Brazil 1 Germany 7
It’s only on a Saturday morning, now three or four days after the event that I can make sense of the whole affair, my refusal or inability to write, or perhaps another bout of writers block, or the fear even that I will not do this justice, or worse that I have run out of things to say, so after trying to start from the beginning and failing to make traction I decide to start from the end, because doesn’t pretty much everyone do this retrospectively anyway? On Wednesday at about 1:00pm, the bloke behind the counter in the hotel lobby asks me if I’ve watched the game, and I say yes, so we discuss the game. He feels bad for Brazil and I want to argue with him, but he seems like a nice guy just doing his job, so it stays polite, and we agree that Germany deserved their win. Before that as I walk through the infuriatingly irregular maze of Sydney’s streets, every TV in a bar with a state of origin poster I pass has SBS’s world cup coverage on, and some of the cafes, too, and I wonder is this a stop gap, just something akin to muzak, is it there for the tourists, or does it represent something more meaningful? Before that, on the plane, no one is talking about the game, at least not in any language I can understand, being more interested in reading their in flight magazines and drinking their coffees, and sir, do do you realise that you have a $5 Jetstar voucher, so why not have a muffin as well. Before that at Tullamarine, there’s the occasional overheard idle chatter about the result, but it’s fleeting. On the drive up to the airport, because my brother is in the car with me the radio is planted on the car’s neutral station, Gold 104.3, which mentions the result during its news break but then gets back to the business of playing classic hits from indeterminate eras, and how come they’re playing Ugly Kid Joe’s version of Cats in the Cradle and not the original? Before that I’m wondering what I could possibly write about this game, because sometimes words are insufficient, and today is one of those days, when even Martin Tyler can’t help but watch in awe, just like my dad and me sitting on the couch watching the Brazilian defence crumble just like I always hoped it would, not out of malice though there is some of that there, too, but because it should have done so several times already this tournament and had not done so, but at least it was to a team playing the right, crisp passing, synchronised team movement, right attitude, right thought, right action.
Netherlands 0 Argentina 0 – Argentina win on penalties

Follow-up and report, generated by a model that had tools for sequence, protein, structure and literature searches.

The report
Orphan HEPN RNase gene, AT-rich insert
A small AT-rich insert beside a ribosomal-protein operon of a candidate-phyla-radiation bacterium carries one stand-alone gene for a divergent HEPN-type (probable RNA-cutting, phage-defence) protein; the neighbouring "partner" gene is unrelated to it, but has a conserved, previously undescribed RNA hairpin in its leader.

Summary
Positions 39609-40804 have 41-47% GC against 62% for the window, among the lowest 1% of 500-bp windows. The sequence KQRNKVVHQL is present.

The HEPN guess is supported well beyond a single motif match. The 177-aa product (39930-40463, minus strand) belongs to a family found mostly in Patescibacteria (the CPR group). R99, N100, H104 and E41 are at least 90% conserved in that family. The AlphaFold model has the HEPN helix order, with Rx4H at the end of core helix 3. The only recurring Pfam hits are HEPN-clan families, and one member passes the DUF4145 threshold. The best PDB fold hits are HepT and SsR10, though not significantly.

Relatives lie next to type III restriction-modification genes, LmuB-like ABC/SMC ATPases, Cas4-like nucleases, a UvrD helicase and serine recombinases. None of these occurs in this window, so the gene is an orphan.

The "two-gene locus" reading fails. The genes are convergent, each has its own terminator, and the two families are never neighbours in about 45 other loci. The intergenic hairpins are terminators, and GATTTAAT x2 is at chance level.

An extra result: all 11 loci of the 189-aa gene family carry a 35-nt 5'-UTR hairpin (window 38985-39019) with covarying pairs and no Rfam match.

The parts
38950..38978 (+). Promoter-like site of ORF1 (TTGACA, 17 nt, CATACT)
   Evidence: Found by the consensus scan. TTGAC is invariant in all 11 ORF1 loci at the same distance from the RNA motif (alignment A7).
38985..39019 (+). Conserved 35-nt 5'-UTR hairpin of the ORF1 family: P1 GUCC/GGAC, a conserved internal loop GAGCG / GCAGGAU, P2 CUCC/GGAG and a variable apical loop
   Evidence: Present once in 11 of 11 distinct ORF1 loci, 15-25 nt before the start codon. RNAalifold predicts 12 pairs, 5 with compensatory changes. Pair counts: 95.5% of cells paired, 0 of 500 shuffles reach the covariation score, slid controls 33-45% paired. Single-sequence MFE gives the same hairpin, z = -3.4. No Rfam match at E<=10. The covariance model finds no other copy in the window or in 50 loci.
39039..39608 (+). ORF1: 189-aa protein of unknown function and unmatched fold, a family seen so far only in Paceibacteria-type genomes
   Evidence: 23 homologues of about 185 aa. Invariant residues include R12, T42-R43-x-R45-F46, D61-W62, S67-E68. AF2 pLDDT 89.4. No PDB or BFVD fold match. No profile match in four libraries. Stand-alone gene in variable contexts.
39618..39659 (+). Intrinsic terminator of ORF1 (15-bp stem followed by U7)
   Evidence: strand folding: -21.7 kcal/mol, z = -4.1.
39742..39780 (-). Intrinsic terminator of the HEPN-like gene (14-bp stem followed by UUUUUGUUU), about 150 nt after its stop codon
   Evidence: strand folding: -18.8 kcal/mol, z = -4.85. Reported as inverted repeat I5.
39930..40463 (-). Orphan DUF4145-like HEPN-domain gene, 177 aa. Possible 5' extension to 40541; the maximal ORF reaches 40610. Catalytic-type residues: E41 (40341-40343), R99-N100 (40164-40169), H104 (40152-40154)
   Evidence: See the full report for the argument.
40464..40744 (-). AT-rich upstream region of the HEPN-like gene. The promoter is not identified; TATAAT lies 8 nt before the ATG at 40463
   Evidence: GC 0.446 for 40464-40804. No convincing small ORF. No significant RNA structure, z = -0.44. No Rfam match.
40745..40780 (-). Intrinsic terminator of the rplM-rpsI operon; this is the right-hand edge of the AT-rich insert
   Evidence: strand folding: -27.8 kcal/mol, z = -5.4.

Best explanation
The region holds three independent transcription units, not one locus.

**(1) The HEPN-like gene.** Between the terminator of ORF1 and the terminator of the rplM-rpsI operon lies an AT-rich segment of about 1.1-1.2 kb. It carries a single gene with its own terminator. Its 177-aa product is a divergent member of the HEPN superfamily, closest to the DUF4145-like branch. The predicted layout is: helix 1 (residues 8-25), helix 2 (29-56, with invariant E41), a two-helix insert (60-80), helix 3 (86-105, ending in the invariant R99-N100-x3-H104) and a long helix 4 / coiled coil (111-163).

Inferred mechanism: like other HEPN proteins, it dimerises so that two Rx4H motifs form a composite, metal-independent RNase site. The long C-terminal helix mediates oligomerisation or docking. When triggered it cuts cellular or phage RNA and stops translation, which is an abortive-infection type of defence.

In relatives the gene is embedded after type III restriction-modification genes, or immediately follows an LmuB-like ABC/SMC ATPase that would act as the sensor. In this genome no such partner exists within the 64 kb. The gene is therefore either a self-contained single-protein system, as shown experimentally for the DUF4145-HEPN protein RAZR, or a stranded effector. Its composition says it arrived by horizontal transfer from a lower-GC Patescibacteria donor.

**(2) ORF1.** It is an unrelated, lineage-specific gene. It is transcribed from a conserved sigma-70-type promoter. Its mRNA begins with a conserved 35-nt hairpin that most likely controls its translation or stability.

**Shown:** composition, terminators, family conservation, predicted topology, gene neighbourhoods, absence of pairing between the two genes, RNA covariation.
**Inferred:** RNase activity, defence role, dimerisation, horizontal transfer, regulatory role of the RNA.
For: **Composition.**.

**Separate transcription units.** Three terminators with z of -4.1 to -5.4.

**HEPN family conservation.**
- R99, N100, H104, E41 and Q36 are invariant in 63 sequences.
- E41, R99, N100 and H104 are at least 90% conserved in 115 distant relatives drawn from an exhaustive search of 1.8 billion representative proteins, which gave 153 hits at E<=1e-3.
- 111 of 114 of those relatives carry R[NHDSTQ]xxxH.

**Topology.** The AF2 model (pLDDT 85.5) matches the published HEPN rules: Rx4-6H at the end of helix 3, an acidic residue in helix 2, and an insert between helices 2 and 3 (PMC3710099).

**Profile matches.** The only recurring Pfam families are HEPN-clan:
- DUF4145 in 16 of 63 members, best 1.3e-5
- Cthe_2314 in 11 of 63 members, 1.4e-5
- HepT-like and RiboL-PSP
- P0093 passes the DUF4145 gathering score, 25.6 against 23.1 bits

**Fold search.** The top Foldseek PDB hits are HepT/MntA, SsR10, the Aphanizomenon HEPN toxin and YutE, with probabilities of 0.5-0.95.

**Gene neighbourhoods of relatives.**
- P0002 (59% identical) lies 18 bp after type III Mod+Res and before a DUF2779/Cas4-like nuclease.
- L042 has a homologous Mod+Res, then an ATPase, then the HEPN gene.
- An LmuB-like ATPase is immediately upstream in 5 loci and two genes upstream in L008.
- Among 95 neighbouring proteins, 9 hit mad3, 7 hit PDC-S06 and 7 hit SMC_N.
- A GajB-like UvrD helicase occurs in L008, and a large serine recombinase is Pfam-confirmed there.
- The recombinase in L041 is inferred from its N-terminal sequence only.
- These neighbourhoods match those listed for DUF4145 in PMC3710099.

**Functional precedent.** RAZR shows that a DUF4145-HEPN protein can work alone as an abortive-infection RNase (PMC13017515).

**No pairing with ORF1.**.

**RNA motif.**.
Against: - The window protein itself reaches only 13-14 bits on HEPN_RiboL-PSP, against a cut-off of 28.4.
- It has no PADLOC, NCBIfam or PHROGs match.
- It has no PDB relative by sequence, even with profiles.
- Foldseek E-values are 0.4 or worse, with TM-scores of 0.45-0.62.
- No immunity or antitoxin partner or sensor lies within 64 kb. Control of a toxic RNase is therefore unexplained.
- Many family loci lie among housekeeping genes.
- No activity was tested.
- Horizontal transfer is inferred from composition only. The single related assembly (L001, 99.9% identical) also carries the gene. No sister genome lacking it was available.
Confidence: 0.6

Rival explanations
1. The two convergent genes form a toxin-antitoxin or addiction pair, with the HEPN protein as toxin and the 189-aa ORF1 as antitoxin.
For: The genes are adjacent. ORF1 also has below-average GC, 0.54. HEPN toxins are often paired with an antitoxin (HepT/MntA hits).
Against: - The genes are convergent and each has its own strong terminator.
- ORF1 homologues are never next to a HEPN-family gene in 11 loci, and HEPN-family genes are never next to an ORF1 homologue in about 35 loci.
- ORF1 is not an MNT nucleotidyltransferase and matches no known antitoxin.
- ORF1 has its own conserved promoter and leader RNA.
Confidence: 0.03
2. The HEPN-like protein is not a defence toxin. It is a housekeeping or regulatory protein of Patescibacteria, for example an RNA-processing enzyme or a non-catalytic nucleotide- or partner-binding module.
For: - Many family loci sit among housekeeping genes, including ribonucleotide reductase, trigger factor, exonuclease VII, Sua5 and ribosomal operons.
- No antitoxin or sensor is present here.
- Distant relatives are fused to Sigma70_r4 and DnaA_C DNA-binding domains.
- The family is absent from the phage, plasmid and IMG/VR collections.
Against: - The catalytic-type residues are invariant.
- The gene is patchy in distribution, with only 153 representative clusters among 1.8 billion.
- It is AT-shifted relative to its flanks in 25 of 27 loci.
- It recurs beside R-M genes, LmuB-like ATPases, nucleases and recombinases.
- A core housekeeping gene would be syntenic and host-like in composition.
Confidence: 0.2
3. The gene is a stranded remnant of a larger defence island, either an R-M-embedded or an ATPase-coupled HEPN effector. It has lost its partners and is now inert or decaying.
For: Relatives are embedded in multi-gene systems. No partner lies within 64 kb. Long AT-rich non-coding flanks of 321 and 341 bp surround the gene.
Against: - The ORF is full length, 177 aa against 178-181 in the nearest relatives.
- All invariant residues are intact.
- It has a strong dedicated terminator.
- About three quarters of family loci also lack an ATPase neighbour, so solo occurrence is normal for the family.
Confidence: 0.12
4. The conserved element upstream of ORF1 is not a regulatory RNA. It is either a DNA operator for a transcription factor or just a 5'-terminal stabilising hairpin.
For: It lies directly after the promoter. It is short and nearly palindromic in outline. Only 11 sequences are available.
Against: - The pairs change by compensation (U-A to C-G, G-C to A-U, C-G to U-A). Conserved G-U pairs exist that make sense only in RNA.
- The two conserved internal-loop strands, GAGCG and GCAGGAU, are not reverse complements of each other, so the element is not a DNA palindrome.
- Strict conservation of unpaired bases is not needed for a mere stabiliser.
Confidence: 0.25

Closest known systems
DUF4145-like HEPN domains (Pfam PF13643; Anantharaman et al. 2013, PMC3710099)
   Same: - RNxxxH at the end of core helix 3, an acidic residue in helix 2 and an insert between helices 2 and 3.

I wake up and go back to sleep countless times in my hotel room on Pitt Street, unfamiliar noises, climate, bed all conspiring to keep me awake, but perhaps also in the back of my mind there are other thoughts, too – like how I would really like to wake up in time and watch this game in full; and also how in a few hours I’m due to present a paper at an Australian literature conference, on sport and specifically soccer in Australian literature and why it shouldn’t be ignored by literature scholars, and how I’m really not happy with how this paper I’m due to present looks, and should I just go ahead with it as it is anyway, should I perhaps wing it, or should I just chop and change material in and out now while I’m here? That’s what I decide to do, even as I dread the reaction of telling literary types that sport is important, that they should take it into consideration especially as it relates to soccer, and I always have a sinking feeling about these things – it’s like telling my soccer mates to read novels, it just doesn’t work, and I always end up alone or near enough to it to feel both superior and distraught. But can you talk about Newcastle coalminers without talking about their sporting interests? Well, of course you can. Can you write about girls and women without mentioning their athletic pursuits or lack of them? Our culture often says they’re not even there. Can you write about Melbourne Greeks without talking about their relationship to social institutions of their own creation which have been around for 40, 50, 60 years and spread across suburbia like a feudal system without a king? Tsiolkas does. And then there are the ethical considerations – sport treats its workers like crap, its supporters as cash cows, even as it siphons attention away from the really important things. Nevertheless I decide to plough on and try to reshape, rewrite and remodel, with the game on the TV behind me, Martin Tyler letting me know when something of interest could maybe possibly happen in this match, but almost nothing of note happens. As extra time approaches I’m begging for a goal, any goal, good, bad, ugly, illegitimate, because I really want to get out of here and pay due respects to the scholar giving the keynote address at this conference I’m at, it’s why I’m here after all, but the game insists on going on and on and on. After nearly three hours of this dross the Dutch bottle the penalty shoot out. The Argentineans aren’t very good, but the Dutch have stretched credulity with their attitude, and eventually this has dragged on so long that a $2 vending machine Wagon Wheels is my breakfast.